G. G. Ponnambalam
||This article needs attention from an expert in Biography or Sri Lanka. (March 2008)|
|Leader of the All Ceylon Tamil Congress|
|Member of the State Council of Ceylon
for Point Pedro
|Member of the Sri Lanka Parliament
|Succeeded by||Alfred Duraiappah, Ind|
|Preceded by||Alfred Duraiappah, Ind|
|Succeeded by||C.X. Martyn, FP|
|Born||November 8, 1901|
|Died||December 9, 1977(aged 76)|
|Political party||All Ceylon Tamil Congress|
|Alma mater||St. Joseph's College
King's College London
Fitzwilliam College, Cambridge
Ganapathipillai Gangaser Ponnambalam, QC (8 November 1901 – 9 December 1977), known as G.G. Ponnambalam, was a Sri Lankan Tamil politician in British Ceylon, and then after independence, in Ceylon. He founded the first Sri Lankan Tamil political party, the All Ceylon Tamil Congress. Ponnambalam stood for the principle of minority representation.
G.G. Ponnambalam’s parents were both from the northernmost part of the island, Jaffna District, his father Gangesar was a postmaster from Alvai North, Point Pedro, and his mother was from Navali, Manipay. He received his secondary education at St. Joseph's College, Colombo, and then went to King's College London on a scholarship and graduated with a degree in the Natural Sciences. He went on to Fitzwilliam College, Cambridge, to study the Law Tripos. GG graduated with a BA in Law and was subsequently called to the Bar at Lincoln's Inn, London.
He was an outstanding criminal defence attorney. In the famous Ranjani taxi cab murder case, the first finger print case in Ceylon, he thoroughly demolished the testimony of Scotland Yard's Inspector Godsell on cross-examination.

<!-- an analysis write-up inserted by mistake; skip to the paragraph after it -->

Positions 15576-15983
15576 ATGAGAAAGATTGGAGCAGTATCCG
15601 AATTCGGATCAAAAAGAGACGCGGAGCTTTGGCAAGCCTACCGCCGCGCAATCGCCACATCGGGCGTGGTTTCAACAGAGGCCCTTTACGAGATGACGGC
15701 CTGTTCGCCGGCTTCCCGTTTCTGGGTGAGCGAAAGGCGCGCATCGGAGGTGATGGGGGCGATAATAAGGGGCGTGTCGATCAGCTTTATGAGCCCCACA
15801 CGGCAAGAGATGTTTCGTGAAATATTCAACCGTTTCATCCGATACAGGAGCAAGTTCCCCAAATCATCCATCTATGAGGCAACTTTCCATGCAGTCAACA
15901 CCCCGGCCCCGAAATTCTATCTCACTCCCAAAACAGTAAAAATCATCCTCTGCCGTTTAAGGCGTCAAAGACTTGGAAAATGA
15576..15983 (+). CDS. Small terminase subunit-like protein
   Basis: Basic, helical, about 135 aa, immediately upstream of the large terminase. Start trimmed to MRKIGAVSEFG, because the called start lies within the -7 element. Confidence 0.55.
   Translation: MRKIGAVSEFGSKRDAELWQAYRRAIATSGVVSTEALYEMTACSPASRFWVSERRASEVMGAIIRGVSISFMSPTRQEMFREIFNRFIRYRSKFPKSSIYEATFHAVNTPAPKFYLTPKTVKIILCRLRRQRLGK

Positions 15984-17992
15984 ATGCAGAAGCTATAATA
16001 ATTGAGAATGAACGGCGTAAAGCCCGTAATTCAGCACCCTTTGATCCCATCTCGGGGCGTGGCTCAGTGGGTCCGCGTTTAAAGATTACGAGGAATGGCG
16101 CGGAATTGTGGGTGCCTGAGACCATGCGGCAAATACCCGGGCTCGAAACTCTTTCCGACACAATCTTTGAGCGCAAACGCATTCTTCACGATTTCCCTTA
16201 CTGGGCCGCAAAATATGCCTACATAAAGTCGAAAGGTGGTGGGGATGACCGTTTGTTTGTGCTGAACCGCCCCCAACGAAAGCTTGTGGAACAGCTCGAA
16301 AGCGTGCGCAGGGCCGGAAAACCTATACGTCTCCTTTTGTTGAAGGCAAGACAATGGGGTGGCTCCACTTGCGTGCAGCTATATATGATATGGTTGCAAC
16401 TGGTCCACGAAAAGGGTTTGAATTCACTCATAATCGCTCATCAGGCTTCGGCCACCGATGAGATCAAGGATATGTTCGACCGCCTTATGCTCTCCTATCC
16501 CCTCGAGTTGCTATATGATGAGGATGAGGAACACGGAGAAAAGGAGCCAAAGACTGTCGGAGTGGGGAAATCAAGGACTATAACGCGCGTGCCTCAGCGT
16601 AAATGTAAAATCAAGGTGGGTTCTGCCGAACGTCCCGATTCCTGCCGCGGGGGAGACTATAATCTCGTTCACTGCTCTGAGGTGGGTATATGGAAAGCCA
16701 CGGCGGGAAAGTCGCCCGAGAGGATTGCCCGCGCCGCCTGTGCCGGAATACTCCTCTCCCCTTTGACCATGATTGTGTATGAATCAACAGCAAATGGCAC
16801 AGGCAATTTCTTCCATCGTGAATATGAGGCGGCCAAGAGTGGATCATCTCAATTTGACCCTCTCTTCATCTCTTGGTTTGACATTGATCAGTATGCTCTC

After his last (1956) term in parliament, he migrated to Malaysia and practiced law there until his death on 9 February 1977.
The Sri Lankan Government honored him by issuing a commemoration postage stamp on 22 May 1986.
He is the father of Gaasinather Gangaser 'Kumar' Ponnambalam, Vijayalakshmi Ponnambalam and grandfather and former TNA parliamentarian Gajendrakumar Ponnambalam.
Ponnambalam and his colleagues tried to establish fixed minority representation for the Tamils. They believed that without it, the minority Tamils would become second class citizens. For the opposing viewpoint see Solomon Bandaranaike. Ponnambalam asked for a 50-50 representation in parliament (50% for the Sinhalese, 50% for all other ethnic groups). This proposal was immediately rejected and rebuked by the British Governor General Lord Soulbury as a "mockery of democracy".
- One Hundred Tamils of the 20th Century - G.G. Ponnambalam Q.C. 1902 - 1977 by Appathuray Vinayagamoorthy